Later this decade, the Large Hadron Collider will be upgraded to the High-Luminosity LHC. What does “luminosity” mean in particle physics, and why measure it instead of collisions?

From CERN Courier, Jan. 13, 2021: The US LHC Accelerator Upgrade Project, led by Fermilab scientist Giorgio Apollinari, is now entering the production phase in the construction of magnets for the upcoming High-Luminosity LHC, an upgrade of the current Large Hadron Collider. U.S. labs are building magnets that will focus beams near the ATLAS and CMS particle detectors.

From Bulgarisches Wirtschaftsblatt, Nov. 11, 2020: Während die Wissenschaftler im Fermi National Accelerator Laboratory des US-Energieministeriums auf die mit Spannung erwarteten ersten Ergebnisse des Muon g-2-Experiments warten, setzen die mitarbeitenden Wissenschaftler des Argonne National Laboratory des DOE weiterhin das einzigartige System ein, das das Magnetfeld im Experiment mit beispielloser Präzision abbildet.

Fermilab scientists have broken their own world record for an accelerator magnet. In June, their demonstrator steering dipole magnet achieved a 14.5-tesla field, surpassing the field strength of their 14.1-tesla magnet, which set a record in 2019. This magnet test shows that scientists and engineers can address the demanding requirements for a future particle collider under discussion in the particle physics community.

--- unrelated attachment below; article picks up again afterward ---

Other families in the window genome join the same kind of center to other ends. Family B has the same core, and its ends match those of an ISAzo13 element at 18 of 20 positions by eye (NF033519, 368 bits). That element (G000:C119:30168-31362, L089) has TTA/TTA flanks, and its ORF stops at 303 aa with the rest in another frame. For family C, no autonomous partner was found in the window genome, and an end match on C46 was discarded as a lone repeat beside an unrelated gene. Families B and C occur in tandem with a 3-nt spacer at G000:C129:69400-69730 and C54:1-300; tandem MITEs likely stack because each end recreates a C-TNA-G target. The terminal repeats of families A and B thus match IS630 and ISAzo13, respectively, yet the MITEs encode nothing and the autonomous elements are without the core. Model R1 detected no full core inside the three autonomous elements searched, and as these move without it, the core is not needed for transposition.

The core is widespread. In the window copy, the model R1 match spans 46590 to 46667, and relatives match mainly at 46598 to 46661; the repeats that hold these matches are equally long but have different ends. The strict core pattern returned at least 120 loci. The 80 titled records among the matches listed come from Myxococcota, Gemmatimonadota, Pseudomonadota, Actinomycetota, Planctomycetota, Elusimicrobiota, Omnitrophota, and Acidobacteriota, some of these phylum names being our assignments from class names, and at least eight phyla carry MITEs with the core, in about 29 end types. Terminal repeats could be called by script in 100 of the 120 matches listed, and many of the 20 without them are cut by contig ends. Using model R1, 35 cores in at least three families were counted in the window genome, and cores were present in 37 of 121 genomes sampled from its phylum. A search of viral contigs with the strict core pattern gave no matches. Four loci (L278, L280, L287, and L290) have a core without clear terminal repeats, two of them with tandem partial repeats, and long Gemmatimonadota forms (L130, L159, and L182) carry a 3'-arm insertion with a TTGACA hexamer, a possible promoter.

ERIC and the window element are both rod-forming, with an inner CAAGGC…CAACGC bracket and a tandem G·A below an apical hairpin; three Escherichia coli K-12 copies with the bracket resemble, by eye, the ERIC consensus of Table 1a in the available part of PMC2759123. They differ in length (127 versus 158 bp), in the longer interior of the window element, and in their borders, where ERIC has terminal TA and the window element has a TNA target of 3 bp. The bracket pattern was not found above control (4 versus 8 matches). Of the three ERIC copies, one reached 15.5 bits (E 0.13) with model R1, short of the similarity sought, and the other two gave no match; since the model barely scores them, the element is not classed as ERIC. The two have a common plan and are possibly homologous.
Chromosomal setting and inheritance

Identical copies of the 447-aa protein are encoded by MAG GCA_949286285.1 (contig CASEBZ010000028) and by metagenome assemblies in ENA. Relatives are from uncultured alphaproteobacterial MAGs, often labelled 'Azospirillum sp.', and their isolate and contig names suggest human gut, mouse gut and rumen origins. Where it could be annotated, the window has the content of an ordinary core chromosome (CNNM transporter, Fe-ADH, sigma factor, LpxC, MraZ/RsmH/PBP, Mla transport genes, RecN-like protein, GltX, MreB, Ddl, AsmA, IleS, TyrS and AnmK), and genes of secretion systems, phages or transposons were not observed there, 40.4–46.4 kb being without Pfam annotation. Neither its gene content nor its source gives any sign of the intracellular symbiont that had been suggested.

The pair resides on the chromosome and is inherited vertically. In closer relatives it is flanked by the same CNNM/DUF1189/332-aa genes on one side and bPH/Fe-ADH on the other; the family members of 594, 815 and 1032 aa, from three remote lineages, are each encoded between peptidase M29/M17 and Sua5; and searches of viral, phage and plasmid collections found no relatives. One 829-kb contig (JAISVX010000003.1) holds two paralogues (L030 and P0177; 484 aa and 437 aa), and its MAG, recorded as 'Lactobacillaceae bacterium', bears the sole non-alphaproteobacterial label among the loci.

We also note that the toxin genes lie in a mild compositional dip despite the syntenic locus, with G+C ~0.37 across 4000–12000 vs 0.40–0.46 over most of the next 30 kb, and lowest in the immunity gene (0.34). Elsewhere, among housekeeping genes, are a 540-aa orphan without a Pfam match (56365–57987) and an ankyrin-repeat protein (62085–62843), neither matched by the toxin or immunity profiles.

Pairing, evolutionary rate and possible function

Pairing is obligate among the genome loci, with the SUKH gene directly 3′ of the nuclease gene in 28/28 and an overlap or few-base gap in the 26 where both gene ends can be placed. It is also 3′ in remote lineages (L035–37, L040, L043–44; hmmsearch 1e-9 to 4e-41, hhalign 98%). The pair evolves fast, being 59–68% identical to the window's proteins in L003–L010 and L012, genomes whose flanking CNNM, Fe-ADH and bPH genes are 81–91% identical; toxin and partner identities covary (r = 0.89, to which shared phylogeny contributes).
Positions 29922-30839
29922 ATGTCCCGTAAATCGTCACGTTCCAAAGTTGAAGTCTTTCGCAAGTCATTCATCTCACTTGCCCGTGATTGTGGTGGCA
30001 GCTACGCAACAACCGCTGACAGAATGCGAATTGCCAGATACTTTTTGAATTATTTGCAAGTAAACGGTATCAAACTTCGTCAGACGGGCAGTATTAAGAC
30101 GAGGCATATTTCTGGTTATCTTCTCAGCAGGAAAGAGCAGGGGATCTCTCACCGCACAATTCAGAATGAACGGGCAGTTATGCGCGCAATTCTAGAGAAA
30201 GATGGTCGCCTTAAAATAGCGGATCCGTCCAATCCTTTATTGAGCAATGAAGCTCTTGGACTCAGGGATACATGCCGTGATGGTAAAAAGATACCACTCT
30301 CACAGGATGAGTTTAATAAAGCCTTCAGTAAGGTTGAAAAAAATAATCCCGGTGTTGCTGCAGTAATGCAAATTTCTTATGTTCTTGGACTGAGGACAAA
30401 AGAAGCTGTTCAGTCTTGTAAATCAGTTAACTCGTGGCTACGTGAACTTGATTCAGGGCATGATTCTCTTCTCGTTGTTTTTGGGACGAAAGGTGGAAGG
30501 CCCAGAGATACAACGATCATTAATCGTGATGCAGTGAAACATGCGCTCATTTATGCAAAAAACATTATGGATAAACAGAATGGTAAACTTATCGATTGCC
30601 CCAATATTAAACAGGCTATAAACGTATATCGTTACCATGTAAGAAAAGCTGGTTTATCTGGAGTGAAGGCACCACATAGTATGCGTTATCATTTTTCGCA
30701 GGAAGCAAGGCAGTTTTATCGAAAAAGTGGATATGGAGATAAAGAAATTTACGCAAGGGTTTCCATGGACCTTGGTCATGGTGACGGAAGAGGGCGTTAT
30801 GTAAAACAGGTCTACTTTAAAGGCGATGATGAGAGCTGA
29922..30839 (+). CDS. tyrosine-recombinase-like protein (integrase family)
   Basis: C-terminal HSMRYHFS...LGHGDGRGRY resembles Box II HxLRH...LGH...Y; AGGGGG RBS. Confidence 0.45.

From Lawrence Berkeley National Laboratory, June 17, 2020: While COVID-19 risks had led to a temporary halt in fabrication work on high-power superconducting magnets built by a collaboration of three national labs for an upgrade of the world’s largest particle collider at CERN in Europe, researchers at Berkeley Lab are still carrying out some project tasks. Fermilab scientist Giorgio Apollinari, head of the U.S.-based magnet effort for the HL-LHC, is quoted in this piece.

From Semiconductor Engineering, April 6, 2020: Fermilab, Brookhaven National Laboratory and Lawrence Berkeley National Laboratory have built an enormous superconducting magnet — one of 16 — that will be used in the High-Luminosity Large Hadron Collider particle accelerator project at CERN in Europe.

Missing March Madness? Let Fermilab fill a small part of the void created in these times of social distancing and shelter-in-place. Participate in Fermilab’s sendup of the NCAA tournament: March Magnets. Learn about eight different types of magnets used in particle physics, each with an example from a project or experiment in which Fermilab is a player. Then head over to the Fermilab Twitter feed on March 30 to participate in our March Magnets playoffs.